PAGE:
Mrs. Maxa hastened to assure them that nothing could suit her better than to keep Leonore in her house for several weeks and she promised to send frequent news about the little girl’s state of health. She begged them not to be anxious about her and not to hurry back for Leonore’s sake. As she was longing to see the child instead of remaining in their way, she begged to be allowed to greet Leonore. She was sure that her brother, who had already risen, also wanted to take his leave. As soon as he had seen how completely the ladies entered into his sister’s plans, he wished to arrange the details and so said that he was now going to the doctor in order to get his permission for the little trip. After obtaining this, as he sincerely hoped to do, he would prepare the carriage and send it directly to the house, as it was important for the patient to make the journey during the best portion of the day. Thereupon he hastened off.
One of the ladies took Mrs. Maxa to the sick room, which was situated in the uppermost story.
“You won’t find Leonore alone,” she said, “her brother is with her. He is taking a trip through Switzerland with his teacher and some friends, and came here ahead of them in order to see his sister. His travelling companions will join him here to-morrow, and then they are all going back to Germany.”
“I fear that the poor boy will lose his day with his sister if I take her with me,” Mrs. Maxa said regretfully.
“Well, that can’t be altered,” the lady quickly replied. “We are all only too happy that you are willing to take Leonore into your house. Who knows how her stay in the hospital might have turned out? Poor Leonore was so frightened by the thought; but we knew no other way. It does not matter about her brother’s visit, because they can see each other again in Hanover, for he is at a boarding school there.”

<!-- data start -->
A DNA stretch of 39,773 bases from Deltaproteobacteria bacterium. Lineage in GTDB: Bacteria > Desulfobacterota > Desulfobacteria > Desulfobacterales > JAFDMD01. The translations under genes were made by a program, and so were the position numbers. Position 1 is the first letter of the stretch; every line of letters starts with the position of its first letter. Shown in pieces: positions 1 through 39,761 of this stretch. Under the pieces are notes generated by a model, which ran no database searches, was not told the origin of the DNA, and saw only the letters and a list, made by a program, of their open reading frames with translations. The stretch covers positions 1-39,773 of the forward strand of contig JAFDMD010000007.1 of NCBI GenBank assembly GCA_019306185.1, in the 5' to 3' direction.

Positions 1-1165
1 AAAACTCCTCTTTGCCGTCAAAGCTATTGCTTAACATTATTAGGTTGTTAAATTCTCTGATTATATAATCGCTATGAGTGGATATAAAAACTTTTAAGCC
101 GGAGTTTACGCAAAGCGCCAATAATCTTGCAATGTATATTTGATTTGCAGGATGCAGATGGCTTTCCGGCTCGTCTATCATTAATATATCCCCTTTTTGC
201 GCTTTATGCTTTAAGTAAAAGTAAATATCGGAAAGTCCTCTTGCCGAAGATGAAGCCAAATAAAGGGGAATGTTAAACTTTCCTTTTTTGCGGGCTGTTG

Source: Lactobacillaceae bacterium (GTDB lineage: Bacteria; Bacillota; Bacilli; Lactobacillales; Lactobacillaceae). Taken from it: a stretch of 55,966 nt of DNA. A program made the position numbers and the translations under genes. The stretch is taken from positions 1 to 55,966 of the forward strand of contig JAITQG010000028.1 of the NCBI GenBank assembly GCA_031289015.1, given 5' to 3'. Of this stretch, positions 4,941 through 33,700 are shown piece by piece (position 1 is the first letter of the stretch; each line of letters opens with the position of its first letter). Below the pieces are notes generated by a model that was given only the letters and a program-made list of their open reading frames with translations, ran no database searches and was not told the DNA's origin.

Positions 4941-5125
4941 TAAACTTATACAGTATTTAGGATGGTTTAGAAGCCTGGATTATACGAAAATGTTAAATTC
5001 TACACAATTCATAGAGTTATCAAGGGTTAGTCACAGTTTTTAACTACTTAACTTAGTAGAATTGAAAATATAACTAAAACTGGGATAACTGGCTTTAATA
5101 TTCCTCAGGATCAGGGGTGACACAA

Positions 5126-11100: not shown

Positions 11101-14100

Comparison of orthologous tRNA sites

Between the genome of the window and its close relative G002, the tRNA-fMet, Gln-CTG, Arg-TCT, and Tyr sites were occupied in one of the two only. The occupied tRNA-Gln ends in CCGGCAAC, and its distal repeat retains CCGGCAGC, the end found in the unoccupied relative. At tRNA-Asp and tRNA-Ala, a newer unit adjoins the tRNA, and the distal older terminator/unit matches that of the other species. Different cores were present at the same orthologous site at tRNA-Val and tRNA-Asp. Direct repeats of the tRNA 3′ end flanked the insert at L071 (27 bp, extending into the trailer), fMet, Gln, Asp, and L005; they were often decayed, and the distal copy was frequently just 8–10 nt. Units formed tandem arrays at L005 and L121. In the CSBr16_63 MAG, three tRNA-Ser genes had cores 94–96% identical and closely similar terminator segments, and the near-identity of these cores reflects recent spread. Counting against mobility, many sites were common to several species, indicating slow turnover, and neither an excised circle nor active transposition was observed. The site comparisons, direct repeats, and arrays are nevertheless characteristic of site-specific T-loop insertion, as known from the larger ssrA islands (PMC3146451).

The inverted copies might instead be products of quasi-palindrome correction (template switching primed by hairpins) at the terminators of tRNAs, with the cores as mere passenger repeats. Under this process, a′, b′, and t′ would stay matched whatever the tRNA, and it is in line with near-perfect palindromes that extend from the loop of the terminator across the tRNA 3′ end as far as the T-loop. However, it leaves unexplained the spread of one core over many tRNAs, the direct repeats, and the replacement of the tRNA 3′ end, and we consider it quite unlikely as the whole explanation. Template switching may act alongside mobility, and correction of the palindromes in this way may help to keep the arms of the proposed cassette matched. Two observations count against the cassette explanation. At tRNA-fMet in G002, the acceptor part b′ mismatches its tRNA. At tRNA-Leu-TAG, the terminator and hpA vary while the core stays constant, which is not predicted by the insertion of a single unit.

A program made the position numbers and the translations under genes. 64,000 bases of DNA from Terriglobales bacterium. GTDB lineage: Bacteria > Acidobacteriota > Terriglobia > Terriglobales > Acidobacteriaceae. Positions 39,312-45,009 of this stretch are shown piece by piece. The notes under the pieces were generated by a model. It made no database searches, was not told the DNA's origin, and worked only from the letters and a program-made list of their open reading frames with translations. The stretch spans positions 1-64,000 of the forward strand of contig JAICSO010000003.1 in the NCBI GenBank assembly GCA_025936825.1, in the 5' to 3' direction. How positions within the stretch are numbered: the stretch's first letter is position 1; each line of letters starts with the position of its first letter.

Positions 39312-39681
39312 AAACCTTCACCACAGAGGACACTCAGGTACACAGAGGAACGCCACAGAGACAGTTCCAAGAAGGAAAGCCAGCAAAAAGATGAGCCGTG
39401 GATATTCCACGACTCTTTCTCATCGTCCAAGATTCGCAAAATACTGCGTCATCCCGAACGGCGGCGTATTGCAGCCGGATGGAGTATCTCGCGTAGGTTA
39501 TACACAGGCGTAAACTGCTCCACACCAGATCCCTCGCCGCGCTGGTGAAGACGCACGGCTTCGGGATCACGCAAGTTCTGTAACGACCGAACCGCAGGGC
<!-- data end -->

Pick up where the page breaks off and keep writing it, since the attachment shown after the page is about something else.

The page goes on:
The lady now opened a door and led Mrs. Maxa into a room.
“Leonore, look, here is Mrs. Bergmann, a great friend of your mother’s.” Miss Remke said, “and I am sure you will be glad of the news she is bringing you. I shall accept your kind permission to get back to my work now, Mrs. Bergmann. Everything is ready for Leonore, because she was to leave for the hospital very shortly.”
With these words she went out. The sick child sat completely dressed on a bed in the corner of the room, half reclining on the pillows.
Mrs. Maxa had to agree with her brother who had said that she had her mother’s large, speaking eyes, the same soft brown curls, and the same serious expression on her delicately shaped little face. Mrs. Maxa would have easily recognized the child even without knowing her name. Leonore only looked more serious still; in fact, her glance was extremely sad and at that moment tears were hanging on her lashes, for she had been crying. The boy sitting by her got up and made a bow to the new arrival. He had his father’s gay blue eyes and his clear, open brow. After giving him her hand Mrs. Maxa stepped up to the bed to greet Leonore and was so deeply moved that she could barely speak.